You want a hands-on career. You want to work in a field that is exciting, growing, and gives tangible results at the end of the workday. You want to join the manufacturing industry. With the focus on technology in today’s modern world of manufacturing, you may be considering a career in machining—more specifically, precision CNC machining.
Precision machining is an evolving area within the manufacturing field, and its work impacts our everyday lives. Many of the products of CNC machining are things we use today. And as technology drives the manufacturing industry forward, employers are seeking out more machinists who are experienced with computer numeric control (CNC) and precision machining.
What is the value in CNC precision machining, and how can you get involved? Read on as we explore this topic and how important precision CNC machining is to today’s modern manufacturing industry.
What is CNC Precision Machining?
CNC precision machining is the process of cutting various material to exact specification. This process typically involves removing the excess from a metal component (or other materials) and reshaping it to a level of high tolerance. To put it more simply, precision machining reshapes a large chunk of a material into smaller, more refined parts.
Precision CNC machining produces items – of all sizes – that we use in our lives every single day. In fact, all of the pieces of tools and everyday household products that you use requires some level of a machinist’s valuable skills. Of course, a tool or machine that has been worn out often requires machine tool calibration, grooving, or welding by a CNC precision machinist. From the production of cars and medical equipment to hair styling tools and kitchen appliances, precision machining is a part of every industry and technology. So how important is CNC precision machining? Well, if a product contains parts, it needed some of this process.
Why We Need CNC Machinists
There are many reasons that CNC precision machining is important to our manufacturing industry today. Some of the biggest reasons are often considered:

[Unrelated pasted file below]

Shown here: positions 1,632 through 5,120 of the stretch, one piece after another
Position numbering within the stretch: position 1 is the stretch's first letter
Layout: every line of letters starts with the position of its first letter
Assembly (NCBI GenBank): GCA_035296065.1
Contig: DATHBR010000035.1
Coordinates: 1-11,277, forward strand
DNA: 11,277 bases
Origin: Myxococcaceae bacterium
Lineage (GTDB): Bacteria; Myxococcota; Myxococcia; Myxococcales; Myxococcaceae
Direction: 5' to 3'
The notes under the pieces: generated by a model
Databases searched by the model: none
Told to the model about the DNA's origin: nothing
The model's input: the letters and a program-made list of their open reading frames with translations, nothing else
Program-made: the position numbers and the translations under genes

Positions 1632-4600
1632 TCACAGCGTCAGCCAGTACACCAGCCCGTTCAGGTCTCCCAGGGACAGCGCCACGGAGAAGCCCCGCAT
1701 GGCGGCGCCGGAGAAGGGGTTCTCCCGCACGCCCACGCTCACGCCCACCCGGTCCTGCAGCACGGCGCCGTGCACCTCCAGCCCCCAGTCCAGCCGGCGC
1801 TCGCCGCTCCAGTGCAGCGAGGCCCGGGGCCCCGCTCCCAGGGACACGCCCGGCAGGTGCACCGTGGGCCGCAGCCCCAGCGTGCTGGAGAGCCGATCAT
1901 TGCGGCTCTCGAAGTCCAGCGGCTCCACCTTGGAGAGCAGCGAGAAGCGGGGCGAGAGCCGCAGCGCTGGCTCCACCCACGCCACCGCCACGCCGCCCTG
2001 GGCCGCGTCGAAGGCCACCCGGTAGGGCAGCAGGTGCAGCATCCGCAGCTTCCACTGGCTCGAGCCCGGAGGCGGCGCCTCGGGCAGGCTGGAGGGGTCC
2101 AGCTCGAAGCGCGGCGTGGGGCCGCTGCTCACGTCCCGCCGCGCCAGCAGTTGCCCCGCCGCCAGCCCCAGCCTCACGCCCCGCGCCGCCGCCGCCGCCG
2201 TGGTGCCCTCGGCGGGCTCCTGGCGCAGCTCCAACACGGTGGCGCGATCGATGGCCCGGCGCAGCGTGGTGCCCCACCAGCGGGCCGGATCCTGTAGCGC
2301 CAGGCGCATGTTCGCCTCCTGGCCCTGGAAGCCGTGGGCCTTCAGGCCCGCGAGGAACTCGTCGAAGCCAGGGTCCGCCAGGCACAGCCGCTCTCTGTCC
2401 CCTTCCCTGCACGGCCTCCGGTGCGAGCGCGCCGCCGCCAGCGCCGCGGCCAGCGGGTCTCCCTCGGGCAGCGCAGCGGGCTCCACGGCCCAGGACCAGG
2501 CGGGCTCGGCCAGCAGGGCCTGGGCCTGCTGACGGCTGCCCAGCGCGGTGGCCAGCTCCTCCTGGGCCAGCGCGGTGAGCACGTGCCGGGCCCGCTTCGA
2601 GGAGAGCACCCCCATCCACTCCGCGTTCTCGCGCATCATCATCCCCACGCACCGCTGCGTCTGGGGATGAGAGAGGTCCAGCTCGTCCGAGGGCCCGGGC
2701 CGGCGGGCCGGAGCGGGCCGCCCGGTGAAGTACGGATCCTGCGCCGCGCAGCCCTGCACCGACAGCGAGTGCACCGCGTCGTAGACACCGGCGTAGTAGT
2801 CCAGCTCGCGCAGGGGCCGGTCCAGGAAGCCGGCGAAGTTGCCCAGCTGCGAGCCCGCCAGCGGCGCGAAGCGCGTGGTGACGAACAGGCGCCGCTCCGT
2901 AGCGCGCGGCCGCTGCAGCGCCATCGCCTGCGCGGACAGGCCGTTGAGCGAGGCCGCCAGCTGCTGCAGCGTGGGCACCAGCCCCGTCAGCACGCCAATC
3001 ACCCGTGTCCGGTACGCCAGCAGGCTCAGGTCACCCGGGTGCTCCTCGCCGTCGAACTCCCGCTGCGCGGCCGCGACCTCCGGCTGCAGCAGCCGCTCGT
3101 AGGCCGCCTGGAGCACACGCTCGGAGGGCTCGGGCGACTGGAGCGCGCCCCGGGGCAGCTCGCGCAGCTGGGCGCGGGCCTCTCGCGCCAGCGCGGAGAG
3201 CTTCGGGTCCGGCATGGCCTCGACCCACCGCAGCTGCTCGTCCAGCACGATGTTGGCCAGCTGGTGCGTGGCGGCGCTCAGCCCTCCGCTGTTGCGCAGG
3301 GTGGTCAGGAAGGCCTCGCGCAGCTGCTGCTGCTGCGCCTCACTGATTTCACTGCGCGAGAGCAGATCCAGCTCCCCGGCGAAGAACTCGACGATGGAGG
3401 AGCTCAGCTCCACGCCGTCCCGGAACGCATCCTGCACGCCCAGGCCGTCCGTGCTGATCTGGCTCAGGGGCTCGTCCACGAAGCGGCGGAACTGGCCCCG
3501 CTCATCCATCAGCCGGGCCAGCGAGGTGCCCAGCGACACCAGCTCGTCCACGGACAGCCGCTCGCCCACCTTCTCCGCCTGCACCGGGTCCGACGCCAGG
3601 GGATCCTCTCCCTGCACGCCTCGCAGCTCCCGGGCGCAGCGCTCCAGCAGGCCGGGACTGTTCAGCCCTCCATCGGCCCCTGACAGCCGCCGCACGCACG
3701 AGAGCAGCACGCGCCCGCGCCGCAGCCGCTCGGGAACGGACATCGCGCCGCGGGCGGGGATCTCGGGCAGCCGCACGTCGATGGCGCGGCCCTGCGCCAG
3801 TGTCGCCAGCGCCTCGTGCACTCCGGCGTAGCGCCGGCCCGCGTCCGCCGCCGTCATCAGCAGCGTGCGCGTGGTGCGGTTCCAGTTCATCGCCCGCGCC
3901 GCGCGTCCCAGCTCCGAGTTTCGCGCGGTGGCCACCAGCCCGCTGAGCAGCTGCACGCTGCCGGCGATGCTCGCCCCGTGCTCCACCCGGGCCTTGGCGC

- The precision machining process relies on computer-controlled machines. These can operate much faster and without as much human involvement.
- The equipment used in CNC precision machining uses computer-animated drawings to interpret blueprints and then produce the items needed. These advanced machines can outpace humans in terms of accuracy, speed, and overall quality. These machines can run on longer hours with more consistent, quality-controlled results.
- Lower risk. Because these machines have quality-control, errors are much less likely to occur. Human error happens much more frequently and can result in injuries.
- Lower costs. Since CNC precision machining involves higher speed work and less human involvement, production costs are lower for manufacturing companies than they once were.
Because of the variety of products that are produced, precision machinists work with a vast array of materials. You may work with bronze, glass, different types of metals, and more. Depending on the project you’re working on, you will need to use a combination of tools and machines. Therefore, you must be familiar with different equipment and techniques in the field. Machinists are often comfortable using many different tools such as drill presses, grinders, lathes, milking machines, saws, and even high-speed robotics. You need to have a working knowledge and competent ability in CNC technology.
Of course, it’s not enough to simply “run” a machine. Employers today are looking for potential hires who are certified, educated, and trained CNC machinists—professionals who know the ins and outs of computer numerical controlled machines. To get a leg up in the field, and to start developing the skills for success, CNC operator school is recommended for aspiring precision machinists.
As a leading manufacturing school in Connecticut, Goodwin College offers students the knowledge, skills, and training that employers today want in their workers. Our associate and certificate-level CNC machining training programs can get you ready to jumpstart your career. Innovation, creativity, and state-of-the-art technology is waiting for you.
Are you ready to launch your career in CNC precision machining? Click here to request more information, or call Goodwin College at 800-889-3282 to learn more.
Goodwin University is a nonprofit institution of higher education and is accredited by the New England Commission of Higher Education (NECHE), formerly known as the New England Association of Schools and Colleges (NEASC). Goodwin University was founded in 1999, with the goal of serving a diverse student population with career-focused degree programs that lead to strong employment outcomes.